Dr. Dawg

Why is the BC government hamstringing the Pickton Inquiry?

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Picton's victims.jpg

Was Robert Pickton merely a lone, crazed killer who capitalized on regrettable police errors, or are there wider issues that the Pickton Inquiry should properly explore—the flaccid police response, not only with respect to Pickton’s many victims, but to missing sex trade workers and Aboriginal women in general?

Good luck getting that big, ugly picture. First it was the Harper government, crushing the Sisters in Spirit initiative for blatantly ideological reasons.

Now the right-wing government of BC has jumped in, refusing funding to Native, sex worker and women’s groups that would have permitted representatives to appear before the Inquiry, scheduled to begin proceedings on October 11. After all, who wants to hear from a bunch of women when there’s serious work to be done?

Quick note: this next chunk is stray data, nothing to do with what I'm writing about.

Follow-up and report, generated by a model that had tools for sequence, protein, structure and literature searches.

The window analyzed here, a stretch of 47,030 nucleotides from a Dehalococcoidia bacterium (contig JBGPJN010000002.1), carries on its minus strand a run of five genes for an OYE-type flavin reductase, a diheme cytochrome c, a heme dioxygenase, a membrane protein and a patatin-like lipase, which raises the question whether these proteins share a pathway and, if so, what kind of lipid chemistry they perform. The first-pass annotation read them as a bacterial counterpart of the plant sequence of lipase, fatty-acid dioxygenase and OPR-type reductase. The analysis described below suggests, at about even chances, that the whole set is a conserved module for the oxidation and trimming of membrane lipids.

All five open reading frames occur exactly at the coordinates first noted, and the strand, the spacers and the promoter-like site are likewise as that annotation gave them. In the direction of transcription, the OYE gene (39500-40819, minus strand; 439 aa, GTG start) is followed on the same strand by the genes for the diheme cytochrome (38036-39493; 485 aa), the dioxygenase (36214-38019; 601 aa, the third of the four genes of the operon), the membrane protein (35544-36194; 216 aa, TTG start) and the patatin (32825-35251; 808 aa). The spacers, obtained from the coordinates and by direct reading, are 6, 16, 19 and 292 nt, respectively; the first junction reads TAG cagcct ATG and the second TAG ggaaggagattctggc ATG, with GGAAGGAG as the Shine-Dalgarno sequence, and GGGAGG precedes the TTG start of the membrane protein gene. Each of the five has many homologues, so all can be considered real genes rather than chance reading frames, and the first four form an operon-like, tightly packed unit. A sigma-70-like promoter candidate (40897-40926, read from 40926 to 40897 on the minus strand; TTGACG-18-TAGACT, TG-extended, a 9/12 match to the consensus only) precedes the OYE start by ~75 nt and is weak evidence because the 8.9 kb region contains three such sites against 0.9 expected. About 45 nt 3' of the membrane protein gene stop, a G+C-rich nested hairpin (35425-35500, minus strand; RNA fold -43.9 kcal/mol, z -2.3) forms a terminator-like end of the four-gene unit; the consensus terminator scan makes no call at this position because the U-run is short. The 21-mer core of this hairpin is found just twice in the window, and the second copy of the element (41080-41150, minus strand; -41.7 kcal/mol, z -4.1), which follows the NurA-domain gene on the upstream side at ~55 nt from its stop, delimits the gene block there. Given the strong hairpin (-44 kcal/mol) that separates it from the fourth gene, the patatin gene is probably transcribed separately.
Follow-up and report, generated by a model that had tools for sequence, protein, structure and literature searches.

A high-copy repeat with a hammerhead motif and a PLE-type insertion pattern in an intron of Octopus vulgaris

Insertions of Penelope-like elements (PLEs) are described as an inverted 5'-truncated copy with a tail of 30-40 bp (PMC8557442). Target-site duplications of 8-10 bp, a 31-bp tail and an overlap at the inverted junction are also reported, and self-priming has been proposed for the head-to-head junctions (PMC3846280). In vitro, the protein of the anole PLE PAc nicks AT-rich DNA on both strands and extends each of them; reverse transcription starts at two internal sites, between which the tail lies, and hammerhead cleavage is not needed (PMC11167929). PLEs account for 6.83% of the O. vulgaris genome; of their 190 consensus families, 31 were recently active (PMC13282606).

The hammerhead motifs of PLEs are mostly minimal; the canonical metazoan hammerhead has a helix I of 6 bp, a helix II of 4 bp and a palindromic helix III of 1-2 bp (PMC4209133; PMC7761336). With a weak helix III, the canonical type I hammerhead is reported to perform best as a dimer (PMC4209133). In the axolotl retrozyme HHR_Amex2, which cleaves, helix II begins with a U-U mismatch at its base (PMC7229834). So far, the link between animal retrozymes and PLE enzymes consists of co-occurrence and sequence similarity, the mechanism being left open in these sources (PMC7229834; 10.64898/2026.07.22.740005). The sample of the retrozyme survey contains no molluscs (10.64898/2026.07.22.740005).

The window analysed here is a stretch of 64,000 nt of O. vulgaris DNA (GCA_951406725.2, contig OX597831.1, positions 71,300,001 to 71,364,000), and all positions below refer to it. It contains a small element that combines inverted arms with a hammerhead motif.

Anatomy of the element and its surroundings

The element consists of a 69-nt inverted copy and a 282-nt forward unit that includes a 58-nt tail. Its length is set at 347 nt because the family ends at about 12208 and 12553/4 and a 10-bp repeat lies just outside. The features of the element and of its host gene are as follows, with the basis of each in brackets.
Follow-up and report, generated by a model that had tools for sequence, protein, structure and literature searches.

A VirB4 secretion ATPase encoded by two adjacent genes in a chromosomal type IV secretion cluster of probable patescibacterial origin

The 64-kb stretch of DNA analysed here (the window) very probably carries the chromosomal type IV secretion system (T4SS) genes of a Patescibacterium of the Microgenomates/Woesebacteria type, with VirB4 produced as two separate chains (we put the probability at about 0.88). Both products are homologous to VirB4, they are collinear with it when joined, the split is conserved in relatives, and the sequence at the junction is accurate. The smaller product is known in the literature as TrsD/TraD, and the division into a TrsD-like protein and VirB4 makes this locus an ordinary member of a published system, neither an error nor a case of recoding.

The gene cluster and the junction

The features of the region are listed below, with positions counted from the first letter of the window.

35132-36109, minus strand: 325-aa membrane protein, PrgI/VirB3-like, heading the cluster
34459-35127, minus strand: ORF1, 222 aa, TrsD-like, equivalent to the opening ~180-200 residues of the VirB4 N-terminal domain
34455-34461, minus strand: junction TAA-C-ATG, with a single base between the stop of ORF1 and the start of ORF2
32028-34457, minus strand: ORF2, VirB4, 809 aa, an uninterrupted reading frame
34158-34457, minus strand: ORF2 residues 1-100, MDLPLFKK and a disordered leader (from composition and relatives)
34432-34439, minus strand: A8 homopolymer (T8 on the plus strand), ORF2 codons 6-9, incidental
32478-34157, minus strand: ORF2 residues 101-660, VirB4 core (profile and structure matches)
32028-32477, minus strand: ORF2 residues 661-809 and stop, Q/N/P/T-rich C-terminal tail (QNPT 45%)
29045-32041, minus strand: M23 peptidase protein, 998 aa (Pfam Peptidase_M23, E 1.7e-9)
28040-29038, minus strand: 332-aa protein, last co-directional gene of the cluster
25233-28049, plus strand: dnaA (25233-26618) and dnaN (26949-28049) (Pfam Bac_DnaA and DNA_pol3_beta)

Thus, ironically, right before our eyes we see yet another exemplar of the very problem that the Inquiry is supposed to be examining. The effective message from both levels of government is clear: women—particularly poor, Aboriginal women—don’t matter. And that message is not likely to be contradicted by the findings of an inquiry that has been preemptively hobbled by the BC government.

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This page contains a single entry by Dr. Dawg published on August 10, 2011 9:47 AM.

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